“Citizens of the People’s Republic of China: When you encounter danger in a foreign land, do not give up! Please remember, at your back stands a strong motherland.”
China literally means “center country” (jung guo), as in “the center of the world,” and once upon a time it expected the world to come to it. No longer. Its official message now is the message of “Scarface”: The world is yours.
The last time we saw Leng Feng, he was triumphant and chatting up his superior officer/girlfriend, Long Xiaoyun (Yu Nan). So what’s he doing alone on a freighter off the African coast? The backstory comes sepia-toned.
- The Wolf Warrior team returns the remains of a fallen comrade to his family, only to find them inches away from death at the hands of a nasty developer—until Leng Feng takes care of that dude. For his troubles, or his temper, he gets three years in prison.
- During his prison stay, his girlfriend is kidnapped and killed by terrorists. The only clue is a specially designed, striated bullet that did the deed. Oddly, it’s undamaged. More oddly, he wears it on a chain around his neck as a talisman.
That’s why Africa. His search for the killer has led him here. Shame. The Chinese don’t do Africa, or black people, particularly well.
In this fictional country, Feng is godfather to a fat African kid, Tundu (Nwachukwu Kennedy Chukwuebuka, making his film debut), who is both li’l rascal (selling bootleg porn), and pudgy comic relief (forever interested in food). When the bullets fly, and Feng goes above and beyond to get him to the safety of a Chinese warship, Tundu runs down the plank crying for him mom, who’s stuck in an inland city. Feng promises to bring her back, setting in motion the rest of the movie. Later, Tundu sees his mom via Skype, and cries. He cries while eating. He’s got a big bounty in front of him, courtesy of the Chinese, and he’s both crying and stuffing his face.
But that’s not close to the worst of it. Here’s the worst of it. More than halfway through, in the quiet after a battle, Feng and He Jianguo (Wu Gang), an old, wise, former career soldier, watch as the Africans celebrate another day of living by lighting a bonfire and dancing. “Our African friends,” says He. “Once they’re around a bonfire, they can’t help themselves.”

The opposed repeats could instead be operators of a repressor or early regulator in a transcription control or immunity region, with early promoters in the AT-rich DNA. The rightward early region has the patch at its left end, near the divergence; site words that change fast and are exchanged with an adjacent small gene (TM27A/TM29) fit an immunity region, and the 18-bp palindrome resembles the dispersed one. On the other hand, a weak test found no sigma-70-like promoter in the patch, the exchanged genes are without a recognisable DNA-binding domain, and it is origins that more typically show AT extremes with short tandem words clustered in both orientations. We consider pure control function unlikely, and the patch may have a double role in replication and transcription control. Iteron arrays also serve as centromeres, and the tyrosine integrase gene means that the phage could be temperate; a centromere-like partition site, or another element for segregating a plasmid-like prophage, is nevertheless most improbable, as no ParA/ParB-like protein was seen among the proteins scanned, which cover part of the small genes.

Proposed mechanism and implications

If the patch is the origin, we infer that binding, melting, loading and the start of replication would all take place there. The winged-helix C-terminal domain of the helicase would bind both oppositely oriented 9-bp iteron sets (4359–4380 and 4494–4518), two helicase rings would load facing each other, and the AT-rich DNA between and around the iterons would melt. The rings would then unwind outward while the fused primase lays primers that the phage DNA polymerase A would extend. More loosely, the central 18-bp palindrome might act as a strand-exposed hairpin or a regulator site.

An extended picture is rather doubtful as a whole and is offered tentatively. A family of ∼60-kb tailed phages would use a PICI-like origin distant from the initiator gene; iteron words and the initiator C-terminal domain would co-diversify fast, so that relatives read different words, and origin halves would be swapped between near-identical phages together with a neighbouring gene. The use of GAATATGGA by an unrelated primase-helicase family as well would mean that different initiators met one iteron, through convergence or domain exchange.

While the movie is obtuse in its racism, it’s concise in its anti-Americanism—although with an odd corresponding need for western approval. Sure, the movie’s villain, Big Daddy (Frank Grillo), goes out in a blaze of racist glory (“People like you will always be beaten by people like me” he says to Leng Feng), but first he has to give grudging admiration: “I guess the Chinese military isn’t as lame as I thought,” he sneers. Ditto Leng Feng with the U.S. military. The female lead, feisty American girl Rachel Prescott Smith (Hong Kong actress Celina Jade), mistakenly thinks the U.S. will come to her rescue. “You think the U.S. Marines are the best in the world?” Leng Feng asks her. “They may be, but where are they now?” The point is we lack spirit. We cut and run. China doesn’t. They steam into port while we flee.
Except ... our Marines may be the best in the world? Under the circumstances, that’s kinda sweet.
If you can get past the racism and the geopolitics, “Wolf Warrior II” is your typical action-adventure, with an indestructible hero, near-indestructible villains (including 6’ 6” Ukrainian martial artist Oleg Prudius), and tons of explosions. The spoiled soldier redeems himself while the hectoring middle manager doesn’t. Leng Feng’s original goal—rescuing Tundu’s mom—keeps growing, as he’s responsible for more and more civilians, in worse locations, even as the bad guys close in. Oh, and it turns out Big Daddy is the one who uses striated bullets. Shocker.
Comparisons to mid-80s Stallone are inevitable. Like Rambo in “Rambo II,” Leng fights for his country’s honor abroad; he rectifies past wrongs and imagines future greatness. Like Rocky in “Rocky IV,” he drapes himself in the flag. Leng literally wears it on his sleeve so his rag-tag group of Chinese nationals and African locals can safely drive through a war zone. “Hold your fire!” the African soldiers shout. “It’s the Chinese!”
So what does it all mean? Why did the ultra-patriotic “Wolf Warrior” do meh box office while this one went gangbusters? Because sequels do better than originals? Because “I” was local and “II” international? Because “I” was released when Obama was president and “II” came out during the first hot, idiot summer of Trump?
Maybe the better question is this: When will Chinese movies begin to do better internationally? They’ve already got the production values, the tropes, and the explosions of Hollywood. What’s missing? A white face? But that doesn’t explain the international popularity of stars like Dwayne “The Rock” Johnson or Will Smith. Does the movie contain too much nationalism? Or maybe the wrong kind of nationalism? Almost anyone can imagine themselves American, after all, but only the Chinese get to be Chinese.
That’s one of the great ironies about “Wolf Warrior II”: The movie about Chinese power abroad is really only powerful at home. But make no mistake: There’s a lot of power there.